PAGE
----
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ABSTRACT: OBJECTIVES: To investigate the potential mediating effect of parental education on the association between adherence to the Mediterranean diet and obesity, in 10-12 years old children. METHODS: A cross-sectional survey was performed among 1,125 (529 male) children in Greece. Children and their parents completed standardized questionnaires, which evaluated parents' educational level and dietary habits. Body mass index was calculated and children were classified as normal, overweight or obese (IOTF classification). Adherence to the Mediterranean diet was assessed using the KIDMED score. RESULTS: 27.7% of the children were overweight and 6.3% were obese; 12.3% of children reported high adherence to the Mediterranean diet. Multi-adjusted analysis, stratified by parental education, revealed that adherence to the Mediterranean diet was inversely associated with children's obesity status only in families in which at least one parent was of higher educational level (stratum-specific adjusted odds ratio: 0.41; 95% CI 0.17-0.98), but not those in which both parents were of low educational level. CONCLUSIONS: Parental education status seems to play a mediating role in the beneficial effect of Mediterranean diet on children's obesity status.International Journal of Public Health 11/2012; · 1.99 Impact Factor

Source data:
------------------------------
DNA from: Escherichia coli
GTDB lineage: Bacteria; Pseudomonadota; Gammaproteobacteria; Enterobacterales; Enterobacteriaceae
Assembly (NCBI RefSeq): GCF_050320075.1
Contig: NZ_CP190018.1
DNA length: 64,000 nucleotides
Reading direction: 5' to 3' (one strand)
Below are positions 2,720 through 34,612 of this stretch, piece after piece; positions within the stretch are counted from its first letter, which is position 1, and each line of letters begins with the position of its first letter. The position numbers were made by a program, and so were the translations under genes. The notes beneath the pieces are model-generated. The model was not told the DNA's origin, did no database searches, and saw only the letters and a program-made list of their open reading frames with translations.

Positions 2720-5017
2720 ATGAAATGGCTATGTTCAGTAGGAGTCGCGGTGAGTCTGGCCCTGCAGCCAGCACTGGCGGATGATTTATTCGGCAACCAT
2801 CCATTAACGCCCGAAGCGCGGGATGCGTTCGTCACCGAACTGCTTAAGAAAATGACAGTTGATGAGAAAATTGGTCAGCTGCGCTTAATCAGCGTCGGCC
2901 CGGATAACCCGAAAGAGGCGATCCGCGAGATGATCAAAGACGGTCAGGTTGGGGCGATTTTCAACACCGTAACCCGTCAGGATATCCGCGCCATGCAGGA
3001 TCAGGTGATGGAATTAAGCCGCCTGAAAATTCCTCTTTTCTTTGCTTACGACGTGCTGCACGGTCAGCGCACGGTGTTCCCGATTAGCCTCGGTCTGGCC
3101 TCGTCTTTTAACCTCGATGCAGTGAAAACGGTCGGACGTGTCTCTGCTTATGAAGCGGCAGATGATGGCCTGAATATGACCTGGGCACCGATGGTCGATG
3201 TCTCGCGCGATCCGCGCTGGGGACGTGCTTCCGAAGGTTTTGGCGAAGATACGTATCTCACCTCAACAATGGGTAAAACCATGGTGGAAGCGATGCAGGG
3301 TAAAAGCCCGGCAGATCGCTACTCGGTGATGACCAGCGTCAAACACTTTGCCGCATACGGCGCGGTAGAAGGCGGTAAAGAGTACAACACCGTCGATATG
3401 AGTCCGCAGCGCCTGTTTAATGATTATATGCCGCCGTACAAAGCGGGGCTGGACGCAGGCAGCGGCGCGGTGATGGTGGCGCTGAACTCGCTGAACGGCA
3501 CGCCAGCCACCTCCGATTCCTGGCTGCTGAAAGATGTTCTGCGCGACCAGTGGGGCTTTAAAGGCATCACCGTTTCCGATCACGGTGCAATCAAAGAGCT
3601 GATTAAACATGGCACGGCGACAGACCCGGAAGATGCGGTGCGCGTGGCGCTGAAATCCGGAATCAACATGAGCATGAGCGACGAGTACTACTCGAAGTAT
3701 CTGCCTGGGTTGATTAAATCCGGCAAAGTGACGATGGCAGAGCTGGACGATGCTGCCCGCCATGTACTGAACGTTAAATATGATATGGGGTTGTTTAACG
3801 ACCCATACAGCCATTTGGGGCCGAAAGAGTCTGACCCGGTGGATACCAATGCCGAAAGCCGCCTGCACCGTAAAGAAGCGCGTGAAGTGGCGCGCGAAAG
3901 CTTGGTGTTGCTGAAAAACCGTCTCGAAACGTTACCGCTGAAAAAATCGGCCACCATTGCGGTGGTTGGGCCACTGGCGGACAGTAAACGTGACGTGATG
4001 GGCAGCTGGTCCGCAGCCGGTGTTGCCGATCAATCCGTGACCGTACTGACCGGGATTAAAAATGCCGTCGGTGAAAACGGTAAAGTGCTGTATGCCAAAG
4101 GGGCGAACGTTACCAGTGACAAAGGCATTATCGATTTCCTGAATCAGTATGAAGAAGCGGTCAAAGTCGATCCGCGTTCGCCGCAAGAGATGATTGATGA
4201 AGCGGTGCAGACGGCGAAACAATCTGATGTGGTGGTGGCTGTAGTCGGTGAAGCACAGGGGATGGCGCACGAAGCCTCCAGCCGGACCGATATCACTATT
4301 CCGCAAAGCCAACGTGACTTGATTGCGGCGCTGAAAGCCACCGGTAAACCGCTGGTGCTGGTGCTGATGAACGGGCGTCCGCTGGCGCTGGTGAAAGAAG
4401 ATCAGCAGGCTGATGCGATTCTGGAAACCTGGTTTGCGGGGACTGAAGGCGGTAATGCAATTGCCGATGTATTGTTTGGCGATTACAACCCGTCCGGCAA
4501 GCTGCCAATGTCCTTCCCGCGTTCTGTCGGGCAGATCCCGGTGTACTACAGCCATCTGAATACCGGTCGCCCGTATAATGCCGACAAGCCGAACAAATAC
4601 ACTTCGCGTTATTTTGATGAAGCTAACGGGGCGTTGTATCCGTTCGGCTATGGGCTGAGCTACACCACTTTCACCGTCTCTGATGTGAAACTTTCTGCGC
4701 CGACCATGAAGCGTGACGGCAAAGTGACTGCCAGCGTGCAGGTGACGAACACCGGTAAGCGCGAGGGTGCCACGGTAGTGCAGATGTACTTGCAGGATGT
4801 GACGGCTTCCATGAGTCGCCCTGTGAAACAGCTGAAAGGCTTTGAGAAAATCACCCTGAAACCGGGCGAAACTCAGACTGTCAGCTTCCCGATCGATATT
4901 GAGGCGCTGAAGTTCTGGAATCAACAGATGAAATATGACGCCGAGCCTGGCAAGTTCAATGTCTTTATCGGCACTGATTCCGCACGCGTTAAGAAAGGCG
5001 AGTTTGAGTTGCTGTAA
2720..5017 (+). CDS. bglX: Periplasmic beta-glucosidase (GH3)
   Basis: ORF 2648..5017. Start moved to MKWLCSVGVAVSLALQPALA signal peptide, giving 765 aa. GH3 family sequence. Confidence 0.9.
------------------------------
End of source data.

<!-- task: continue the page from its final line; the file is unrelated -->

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ABSTRACT: BACKGROUND: Although several studies have investigated the relationship between the number of siblings or birth order and childhood overweight, the results are inconsistent. In addition, little is known about the impact of having older or younger siblings on overweight among elementary schoolchildren. The present population-based study investigated the relationship of the number of siblings and birth order with childhood overweight and evaluated the impact of having younger or older siblings on childhood overweight among elementary schoolchildren in Japan. METHODS: Subjects comprised fourth-grade schoolchildren (age, 9--10 years) in Ina Town during 1999--2009. Information about subjects' sex, age, birth weight, birth order, number of siblings, lifestyle, and parents' age, height, and weight was collected by a self-administered questionnaire, while measurements of subjects' height and weight were done at school. Childhood overweight was defined according to age- and sex-specific cut-off points proposed by the International Obesity Task Force. A logistic regression model was used to calculate the odds ratio (OR) and 95% confidence intervals (95% CI) of "number of siblings" or "birth order" for overweight. RESULTS: Data from 4026 children were analyzed. Only children (OR: 2.13, 95% CI: 1.45-3.14) and youngest children (1.56, 1.13-2.16) significantly increased ORs for overweight compared with middle children. A larger number of siblings decreased the OR for overweight (P for trend < 0.001). Although there was no statistically significant relationship between a larger number of older siblings and overweight, a larger number of younger siblings resulted in a lower OR for overweight (P for trend < 0.001). CONCLUSIONS: Being an only or youngest child was associated with childhood overweight, and having a larger number of younger siblings was negatively associated with overweight. The present study suggests that public health interventions to prevent childhood overweight need to focus on children from these family backgrounds.BMC Public Health 09/2012; 12(1):766. · 2.08 Impact Factor